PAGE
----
Smart automakers VW and Nissan are building smart factories
Automobile giants Nissan and Volkswagen recently announced new plans to create better, smarter factories.
Nissan has unveiled its Intelligent Factory Initiative, a new production line at the Tochigi plant. This new technology should help the company achieve CO2 neutrality by 2050. In the meantime, Volkswagen has taken another step towards fully networking its factories. A local 5G island network (campus network) is now available at the German automobile manufacturer’s Wolfsburg plant.
Nissan’s launch of the Intelligent Factory Initiative to respond to new needs and trends has fueled the rapid growth and advancement of the automotive industry. The initiative enables Nissan to deploy robots that utilize the capabilities of. have inherited takumi (Master) to manufacture next generation vehicles. It also enables the company to create an improved environment in which employees can work comfortably while realizing an emission-free production system.
“The automotive industry is in a time of great change and solving the global challenge of climate change is urgently needed. We see this as an opportunity, the strength of monozukuri (Manufacturing), part of our DNA to develop and apply innovative technologies to meet the challenges we face, “said Hideyuki Sakamoto, Nissan Executive Vice President for Manufacturing and Supply Chain Management.
With the initiative, the Japanese automaker aims to achieve CO2 neutrality in all of its operations by 2050. It also helps the company achieve carbon neutrality in manufacturing by “promoting innovations to support higher productivity in vehicle assembly”. By 2050, Nissan wants to fully electrify its Tochigi plant by introducing innovative production technologies and minimizing energy consumption.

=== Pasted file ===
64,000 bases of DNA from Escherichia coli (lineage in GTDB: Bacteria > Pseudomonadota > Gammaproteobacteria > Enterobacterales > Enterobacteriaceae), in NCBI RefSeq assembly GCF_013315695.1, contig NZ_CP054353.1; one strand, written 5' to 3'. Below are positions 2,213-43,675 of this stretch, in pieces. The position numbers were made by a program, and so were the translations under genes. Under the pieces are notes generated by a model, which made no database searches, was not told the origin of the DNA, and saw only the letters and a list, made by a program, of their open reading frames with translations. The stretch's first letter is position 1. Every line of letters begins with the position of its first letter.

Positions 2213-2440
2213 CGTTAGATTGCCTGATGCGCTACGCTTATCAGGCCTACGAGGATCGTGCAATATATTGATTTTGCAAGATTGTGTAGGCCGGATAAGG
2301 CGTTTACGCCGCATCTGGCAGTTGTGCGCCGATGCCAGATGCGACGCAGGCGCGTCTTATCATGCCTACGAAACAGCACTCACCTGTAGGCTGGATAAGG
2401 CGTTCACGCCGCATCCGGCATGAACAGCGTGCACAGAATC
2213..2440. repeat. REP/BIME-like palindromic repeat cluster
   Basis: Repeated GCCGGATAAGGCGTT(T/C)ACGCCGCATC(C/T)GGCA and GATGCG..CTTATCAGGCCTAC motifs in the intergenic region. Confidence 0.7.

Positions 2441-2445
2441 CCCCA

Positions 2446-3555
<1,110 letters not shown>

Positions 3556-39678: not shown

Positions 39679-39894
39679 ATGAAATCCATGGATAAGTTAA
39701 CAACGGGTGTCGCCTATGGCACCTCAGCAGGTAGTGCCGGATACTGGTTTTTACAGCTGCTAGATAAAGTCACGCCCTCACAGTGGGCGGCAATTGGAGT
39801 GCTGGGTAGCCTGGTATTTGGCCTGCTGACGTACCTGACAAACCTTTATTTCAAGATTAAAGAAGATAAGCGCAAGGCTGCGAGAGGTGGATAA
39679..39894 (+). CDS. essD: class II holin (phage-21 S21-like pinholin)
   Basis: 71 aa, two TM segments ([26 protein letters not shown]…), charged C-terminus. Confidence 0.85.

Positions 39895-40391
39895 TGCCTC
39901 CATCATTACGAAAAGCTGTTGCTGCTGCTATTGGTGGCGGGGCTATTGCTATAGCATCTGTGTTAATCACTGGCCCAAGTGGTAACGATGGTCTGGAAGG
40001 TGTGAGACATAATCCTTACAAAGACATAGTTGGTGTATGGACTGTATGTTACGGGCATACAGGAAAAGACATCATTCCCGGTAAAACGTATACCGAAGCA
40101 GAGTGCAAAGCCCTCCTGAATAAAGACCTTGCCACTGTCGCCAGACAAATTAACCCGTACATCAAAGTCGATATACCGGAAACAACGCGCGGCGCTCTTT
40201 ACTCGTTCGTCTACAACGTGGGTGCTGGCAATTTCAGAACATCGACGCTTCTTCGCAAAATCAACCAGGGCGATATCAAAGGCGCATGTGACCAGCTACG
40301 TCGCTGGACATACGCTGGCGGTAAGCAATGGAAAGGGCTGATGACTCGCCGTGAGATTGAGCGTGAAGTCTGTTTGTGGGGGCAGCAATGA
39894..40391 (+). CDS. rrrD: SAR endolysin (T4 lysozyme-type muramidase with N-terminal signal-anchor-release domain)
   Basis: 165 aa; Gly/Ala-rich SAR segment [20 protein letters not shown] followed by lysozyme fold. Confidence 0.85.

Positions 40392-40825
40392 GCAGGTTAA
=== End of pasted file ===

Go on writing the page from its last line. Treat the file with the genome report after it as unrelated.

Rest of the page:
On the other side of the pond, German auto giant Volkswagen has started using a campus network at its Wolfsburg plant that includes the main product development center and the pilot hall. The project aims to test whether 5G technology meets the demanding requirements of vehicle production. In addition, it is to be examined whether such a technology can be developed for industrial series production in the future. In addition, Volkswagen has a dedicated 5G radio frequency to secure the data transmission for the project, secure and transmit it without delay.
Volkswagen has taken on the challenge of building and operating its own 5G infrastructure in order to guarantee competence and robust data security. The company has applied for and received a private radio frequency from the Federal Network Agency for the Wolfsburg campus network. The exclusive spectrum is a key to enabling 5G campus operation at the location.
“Efficient wireless communication in real time will be decisive for flexible production in the future. 5G has the potential to be such a driver of the Industrial Internet of Things. Our goal is therefore to build up extensive experience in operations and in industry. “Use of 5G technology,” says Beate Hofer, CIO of the Volkswagen Group.
Nissan and Volkswagen’s giant leaps in creating smarter and more efficient factories are a response to ever-changing technologies, not just in the automotive industry, but in all areas. These have also shown that securing new technologies, especially in smart factories, has become more important than ever.
By understanding the risks associated with cloud and 5G technologies, often used to optimize the production and efficiency of smart factories, companies learn how to future-proof their operations and business.
Check out Trend Micro’s pioneering research, Secure Manufacturing on Cloud, Edge, and 5G, to discuss smart manufacturing challenges and how organizations can mitigate them.
Also read our extensive whitepaper Identifying Cybersecurity Focus Areas in Connected Cars Based on WP.29 UN R155 Attack Vectors and Beyond, which identifies various attack vectors that could affect the cars of the future.